Friday, June 28, 2019

Aerodynamic Stall / Spin: Cessna 172S Skyhawk, N612DF, fatal accident occurred on July 30, 2017 at Danbury Municipal Airport (KDXR), Fairfield County, Connecticut

Pilot Mark Stern, 63, passed away on August 3rd, 2017 in Danbury Hospital after succumbing to injuries sustained from a Cessna 172S Skyhawk crash on July 30th, 2017.

The National Transportation Safety Board did not travel to the scene of this accident.

Additional Participating Entity:
Federal Aviation Administration / Flight Standards District Office; Enfield, Connecticut 

Aviation Accident Factual Report - National Transportation Safety Board:

Investigation Docket - National Transportation Safety Board:

Location: Danbury, CT
Accident Number: ERA17LA261
Date & Time: 07/30/2017, 1025 EDT
Registration: N612DF
Aircraft: CESSNA 172
Aircraft Damage: Substantial
Defining Event: Aerodynamic stall/spin
Injuries: 1 Fatal, 2 Serious
Flight Conducted Under: Part 91: General Aviation - Personal 

On July 30, 2017, about 1025 eastern daylight time, a Cessna 172S, N612DF, was substantially damaged when it impacted terrain shortly after takeoff from Danbury Municipal Airport (DXR), Danbury, Connecticut. The pilot died from his injuries 4 days after the accident, and the two passengers received serious injuries. The airplane was owned by a private company and was being operated by Arrow Aviation LLC as a Title 14 Code of Federal Regulations Part 91 personal flight. Visual meteorological conditions prevailed, and no flight plan was filed for the flight, which was originating at the time of the accident.

The rear-seat passenger was a certificated pilot with about 1,500 hours of flight experience. He stated that, when the airplane was cleared for takeoff, the pilot taxied to the runway and applied what sounded like full engine power. The rear-seat passenger could not see the instruments or flight controls from where he was seated. After a short ground roll, the airplane took off, but from what he could see out the side window, it seemed that the airplane was not gaining altitude normally. Less than 1 minute later, the pilot stated, "we're going in."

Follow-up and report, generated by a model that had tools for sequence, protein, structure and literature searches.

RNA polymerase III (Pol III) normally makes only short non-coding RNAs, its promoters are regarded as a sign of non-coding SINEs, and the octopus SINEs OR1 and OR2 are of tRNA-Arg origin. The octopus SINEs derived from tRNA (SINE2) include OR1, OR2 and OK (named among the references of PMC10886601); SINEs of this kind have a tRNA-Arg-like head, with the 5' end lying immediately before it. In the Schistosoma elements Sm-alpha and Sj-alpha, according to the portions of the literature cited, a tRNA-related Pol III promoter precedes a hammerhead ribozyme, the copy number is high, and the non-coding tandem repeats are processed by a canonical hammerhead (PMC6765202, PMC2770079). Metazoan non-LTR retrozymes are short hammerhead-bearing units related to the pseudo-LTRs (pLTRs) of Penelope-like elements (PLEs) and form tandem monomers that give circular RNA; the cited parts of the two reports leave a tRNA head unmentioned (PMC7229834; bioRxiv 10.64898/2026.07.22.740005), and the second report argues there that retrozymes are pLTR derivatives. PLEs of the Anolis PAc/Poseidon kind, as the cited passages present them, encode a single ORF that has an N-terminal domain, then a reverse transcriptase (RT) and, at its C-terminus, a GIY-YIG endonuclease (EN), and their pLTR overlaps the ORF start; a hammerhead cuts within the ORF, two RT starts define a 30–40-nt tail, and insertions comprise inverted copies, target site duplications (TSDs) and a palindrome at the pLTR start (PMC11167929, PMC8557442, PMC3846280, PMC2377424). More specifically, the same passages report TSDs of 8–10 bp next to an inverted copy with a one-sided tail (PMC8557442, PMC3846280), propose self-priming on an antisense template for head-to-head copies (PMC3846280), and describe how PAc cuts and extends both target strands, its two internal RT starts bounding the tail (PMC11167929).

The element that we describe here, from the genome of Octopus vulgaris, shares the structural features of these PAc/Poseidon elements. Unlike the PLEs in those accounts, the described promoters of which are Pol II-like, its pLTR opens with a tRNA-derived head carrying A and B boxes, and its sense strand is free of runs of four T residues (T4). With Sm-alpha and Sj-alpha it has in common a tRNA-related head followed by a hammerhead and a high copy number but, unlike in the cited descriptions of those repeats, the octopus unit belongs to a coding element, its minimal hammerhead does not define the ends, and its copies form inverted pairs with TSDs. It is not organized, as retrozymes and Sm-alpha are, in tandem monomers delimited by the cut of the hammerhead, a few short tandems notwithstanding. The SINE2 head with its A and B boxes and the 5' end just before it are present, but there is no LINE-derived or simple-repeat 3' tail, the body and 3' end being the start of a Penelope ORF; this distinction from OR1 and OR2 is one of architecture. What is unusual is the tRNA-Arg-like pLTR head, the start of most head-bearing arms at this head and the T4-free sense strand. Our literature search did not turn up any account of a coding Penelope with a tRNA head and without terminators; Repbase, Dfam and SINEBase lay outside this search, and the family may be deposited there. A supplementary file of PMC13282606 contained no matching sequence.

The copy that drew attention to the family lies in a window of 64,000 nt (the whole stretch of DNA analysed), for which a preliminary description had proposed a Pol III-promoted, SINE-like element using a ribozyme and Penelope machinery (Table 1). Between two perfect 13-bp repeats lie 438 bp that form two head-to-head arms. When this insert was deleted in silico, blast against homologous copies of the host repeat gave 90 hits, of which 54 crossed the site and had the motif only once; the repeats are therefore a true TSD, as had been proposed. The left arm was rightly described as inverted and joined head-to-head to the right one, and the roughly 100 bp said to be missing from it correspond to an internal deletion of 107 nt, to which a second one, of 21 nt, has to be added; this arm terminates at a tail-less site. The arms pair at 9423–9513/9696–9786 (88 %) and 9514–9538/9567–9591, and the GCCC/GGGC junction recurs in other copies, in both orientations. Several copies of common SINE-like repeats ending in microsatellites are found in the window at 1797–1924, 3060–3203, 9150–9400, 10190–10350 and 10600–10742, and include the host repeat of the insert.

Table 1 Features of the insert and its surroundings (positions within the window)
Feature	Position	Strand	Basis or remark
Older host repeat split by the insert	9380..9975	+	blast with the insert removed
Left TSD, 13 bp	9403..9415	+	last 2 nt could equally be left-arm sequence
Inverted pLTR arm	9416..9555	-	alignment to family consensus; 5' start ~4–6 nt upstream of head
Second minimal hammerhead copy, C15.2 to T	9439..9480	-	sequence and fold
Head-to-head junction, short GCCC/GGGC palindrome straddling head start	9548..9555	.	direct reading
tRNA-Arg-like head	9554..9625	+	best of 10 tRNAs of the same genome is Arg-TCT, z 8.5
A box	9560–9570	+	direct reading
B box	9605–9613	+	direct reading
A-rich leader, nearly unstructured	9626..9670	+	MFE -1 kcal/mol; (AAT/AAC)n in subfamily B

According to an air traffic controller at DXR, the airplane lost altitude after takeoff while still over runway 26, a 4,422-ft-long runway. He then observed it "appearing to correct" as it had assumed a more nose-up attitude. It then began a left roll, followed by a "full nose up attitude, rolling to the left," before it descended and impacted the ground.

Another witness, who was in a dog park near the accident site, stated that he heard a small airplane "lumbering" and sounding under-powered. He saw the airplane appear to turn sharply 180°, then impact the ground.

According to Federal Aviation Administration records, the pilot held a private pilot certificate with ratings for airplane single-engine land and rotorcraft-helicopter. His most recent FAA third-class medical certificate was issued June 14, 2016, at which time he reported 582 hours of total flight experience. The pilot's logbook was not recovered.

Review of the airplane's maintenance records revealed that the most recent annual inspection was completed on July 21, 2017, about 17 flight hours before the accident. At that time, the airframe had accrued about 4,013 hours and the engine had accrued 656 hours since overhaul.

According to fuel records and statements from the operator, the airplane was fueled to capacity on the afternoon of July 28. The accident flight was the first flight since that fueling. The airplane's maximum gross weight was 2,550 lbs. The airplane's estimated weight at the time of the accident, including full fuel and the three occupants (not accounting for any baggage), was about 2,609 lbs. Review of takeoff performance data revealed that, at 2,550 lbs, a pressure altitude of 500 ft mean sea level, and a temperature of 20°C, the airplane required about 1,770 ft to clear a 50-ft obstacle. The data assumed no wind and flaps extended 10°.

At 1053, the reported weather at DXR included wind from 350° at 9 knots, the temperature was 23°C, and the dew point was 12°C.

An initial examination of the airplane by a Federal Aviation Administrator (FAA) inspector revealed that the fuselage came to rest upright in a nose-down attitude in an area of heavy brush about 1,000 ft from the departure end of the runway. The left wing was partially separated from the fuselage and exhibited leading edge crush damage from the root to the tip. The outboard one-third of the right wing was bent upward and aft. The fuselage was buckled on both sides aft of the rear window, and the left rear pillar was crushed and separated from the roof. The nose section, including the engine, was crushed and displaced upward and aft. The empennage, vertical and horizontal stabilizers, rudder, and elevators were largely undamaged. The ignition key was found positioned to the left magneto; however, the preimpact position of the key could not be determined.

Several branches were found severed at a 45° angle in the westerly path leading up to the airplane consistent with propeller contact. Both propeller blades exhibited leading edge gouges and chordwise scratches. Fuel samples from both tanks were blue in color and absent of water. Oil was present in the engine, but the quantity could not be determined due to the resting position of the engine.